History has shown a pattern of rallying local markets ahead of EM inclusion events, e.g., UAE and Qatar in 2014 and Pakistan in 2017, consistent with anticipatory active inflows.2 Recent EM inclusion events also suggest underperformance after upgrades. This was the pattern in both UAE and Qatar as well as in Pakistan, which plummeted 15% after its 2017 upgrade. 

In the Saudi case, valuations are attractive relative to historical levels but high on a forward PE basis relative to the broader MSCI EM Index: 15 versus 12, respectively. (MSCI, April 30, 2018) 3 Saudi Arabia might institute measures to avoid post re-classification market underperformance, but it’s not clear what steps it might take or how effective they would be. 

Conclusion 

Promotion to MSCI’s EM Index would be a landmark event for Saudi Arabia’s capital market evolution. It would represent a vital step toward globalization, diversification, and expansion of its economy. The Kingdom’s goal is to lift itself from the 19th largest global economy into the top 15. Inclusion in the MSCI EM Index would support this goal, as increased investor awareness might translate into increased foreign investment, tighter integration with global markets, and reduced risk premium. 

We see significant merit in investing in Saudi Arabia. It is an under-developed, under-exploited market whose leadership has the conviction to implement social, political, and economic reforms. Risks of investing in Saudi Arabia include geopolitical concerns within the region, stability of the monarchy, the country’s economic dependence on oil, as well as a myriad other factors inherent in investing beyond developed markets. 

Saudi Arabia is, however, very much a story of reform, both economically and socially. Inclusion in the MSCI Emerging Markets Index would acknowledge the Kingdom’s establishment of a reliable market system and, in turn, would likely increase investor confidence and attract foreign capital.

Footnotes

1 Nothing herein should be considered investment advice or a recommendation to buy or sell a specific security.
2 “Transition Strategies Around MSCI Country Reclassifications.” Acadian Asset Management. December 2015. 
3 It is not possible to invest directly in any index. Every investment program has an opportunity for loss as well as profit. Past results are not indicative of future results. Index Source: MSCI Copyright MSCI 2018. All Rights Reserved. Unpublished. PROPRIETARY TO MSCI.

Potential Index Weight

Reclassification would be implemented in two steps, coinciding with the May 2019 Semi-Annual and the August 2019 Quarterly Index Reviews. Upon acceptance, Saudi Arabia would be granted a 2.3% weight, making it the third largest representative from the EMEA region in the index (behind South Africa with 6.7% and Russia with 3.4%). While MSCI is deliberating inclusion, FTSE announced in April 2018 that it will promote Saudi Arabia into its Emerging Market Index from its prior unclassified status. In March 2019, Saudi Arabia will join the index with a 2.7% weight, positioning it as the tenth largest constituent.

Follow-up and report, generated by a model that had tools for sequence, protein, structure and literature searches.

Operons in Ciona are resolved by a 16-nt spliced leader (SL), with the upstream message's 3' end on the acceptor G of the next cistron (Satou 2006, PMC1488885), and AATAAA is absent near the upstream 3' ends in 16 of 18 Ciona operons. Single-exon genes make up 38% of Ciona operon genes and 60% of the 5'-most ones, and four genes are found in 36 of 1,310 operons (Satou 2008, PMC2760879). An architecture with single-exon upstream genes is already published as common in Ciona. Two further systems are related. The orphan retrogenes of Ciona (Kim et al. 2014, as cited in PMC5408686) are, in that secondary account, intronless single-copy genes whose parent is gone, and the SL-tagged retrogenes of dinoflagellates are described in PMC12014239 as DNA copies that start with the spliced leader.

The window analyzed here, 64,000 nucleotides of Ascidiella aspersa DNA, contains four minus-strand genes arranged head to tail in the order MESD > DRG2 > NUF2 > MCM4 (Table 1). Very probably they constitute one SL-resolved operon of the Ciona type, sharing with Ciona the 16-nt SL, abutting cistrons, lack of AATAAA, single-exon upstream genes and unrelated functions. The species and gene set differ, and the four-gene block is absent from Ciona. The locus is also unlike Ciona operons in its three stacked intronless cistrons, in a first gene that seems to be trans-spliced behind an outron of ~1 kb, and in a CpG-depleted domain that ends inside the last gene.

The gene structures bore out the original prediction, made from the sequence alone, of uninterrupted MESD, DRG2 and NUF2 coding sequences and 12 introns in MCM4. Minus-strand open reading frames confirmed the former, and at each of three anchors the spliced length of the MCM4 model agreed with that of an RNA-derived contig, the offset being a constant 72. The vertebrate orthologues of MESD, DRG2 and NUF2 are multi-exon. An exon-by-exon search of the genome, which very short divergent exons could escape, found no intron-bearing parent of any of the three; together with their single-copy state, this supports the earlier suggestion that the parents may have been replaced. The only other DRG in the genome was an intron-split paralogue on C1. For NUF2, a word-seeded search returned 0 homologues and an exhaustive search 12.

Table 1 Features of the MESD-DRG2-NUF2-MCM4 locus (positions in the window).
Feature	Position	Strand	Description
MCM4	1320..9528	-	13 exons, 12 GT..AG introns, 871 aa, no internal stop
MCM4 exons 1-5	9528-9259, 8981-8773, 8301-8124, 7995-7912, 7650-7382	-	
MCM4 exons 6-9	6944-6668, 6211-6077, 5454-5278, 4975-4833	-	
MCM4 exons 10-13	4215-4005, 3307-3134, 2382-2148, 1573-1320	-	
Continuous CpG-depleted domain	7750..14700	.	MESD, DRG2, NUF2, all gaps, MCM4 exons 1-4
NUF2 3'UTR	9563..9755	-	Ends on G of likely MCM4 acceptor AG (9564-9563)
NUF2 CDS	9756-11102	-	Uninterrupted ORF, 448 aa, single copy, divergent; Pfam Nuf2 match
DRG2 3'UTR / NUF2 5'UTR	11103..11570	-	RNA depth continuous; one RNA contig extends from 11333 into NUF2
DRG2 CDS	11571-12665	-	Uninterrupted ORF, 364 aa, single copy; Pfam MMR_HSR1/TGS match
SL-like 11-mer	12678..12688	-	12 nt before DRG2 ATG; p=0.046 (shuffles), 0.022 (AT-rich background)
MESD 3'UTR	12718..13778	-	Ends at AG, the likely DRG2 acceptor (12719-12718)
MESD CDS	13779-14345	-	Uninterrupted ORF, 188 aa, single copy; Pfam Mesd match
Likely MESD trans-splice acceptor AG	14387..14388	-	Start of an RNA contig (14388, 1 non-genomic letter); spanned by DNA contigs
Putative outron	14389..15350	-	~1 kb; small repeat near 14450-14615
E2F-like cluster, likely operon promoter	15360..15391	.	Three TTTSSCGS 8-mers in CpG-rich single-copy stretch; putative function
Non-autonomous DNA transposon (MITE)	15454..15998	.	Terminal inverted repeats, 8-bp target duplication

Saudi’s index weight within EM indices is expected to grow as the country implements its ambitious reform programs, which include reducing the country’s reliance on oil revenues and promoting growth through privatization. The Institute of International Finance (IIF) reported that the Kingdom plans to privatize several state-owned enterprises, potentially doubling the size of its stock market and, commensurately, its index weightings. 

Most prominent among potential privatizations, the Kingdom may sell shares in Saudi Aramco, the world’s largest oil exporting company, potentially offering a 5% stake later this year or next. The valuation is widely debated, often estimated from $1-$1.5 trillion to as high as $2 trillion. The uncertainty derives from a variety of factors, including oil prices, dividends, royalties, and the size and location of listing. 

The current IPO proposal would offer up to 5% of the company. Assuming a conservative $1 trillion company valuation, the deal would set a new record, exceeding Alibaba’s $25 billion sale in 2014. It would inject $50 billion into the Saudi stock market, materially increasing its total capitalization, by approximately 10%. If Aramco were to meet criteria for EM Index inclusion, Saudi’s post-IPO weight might double, surpassing Mexico and Russia.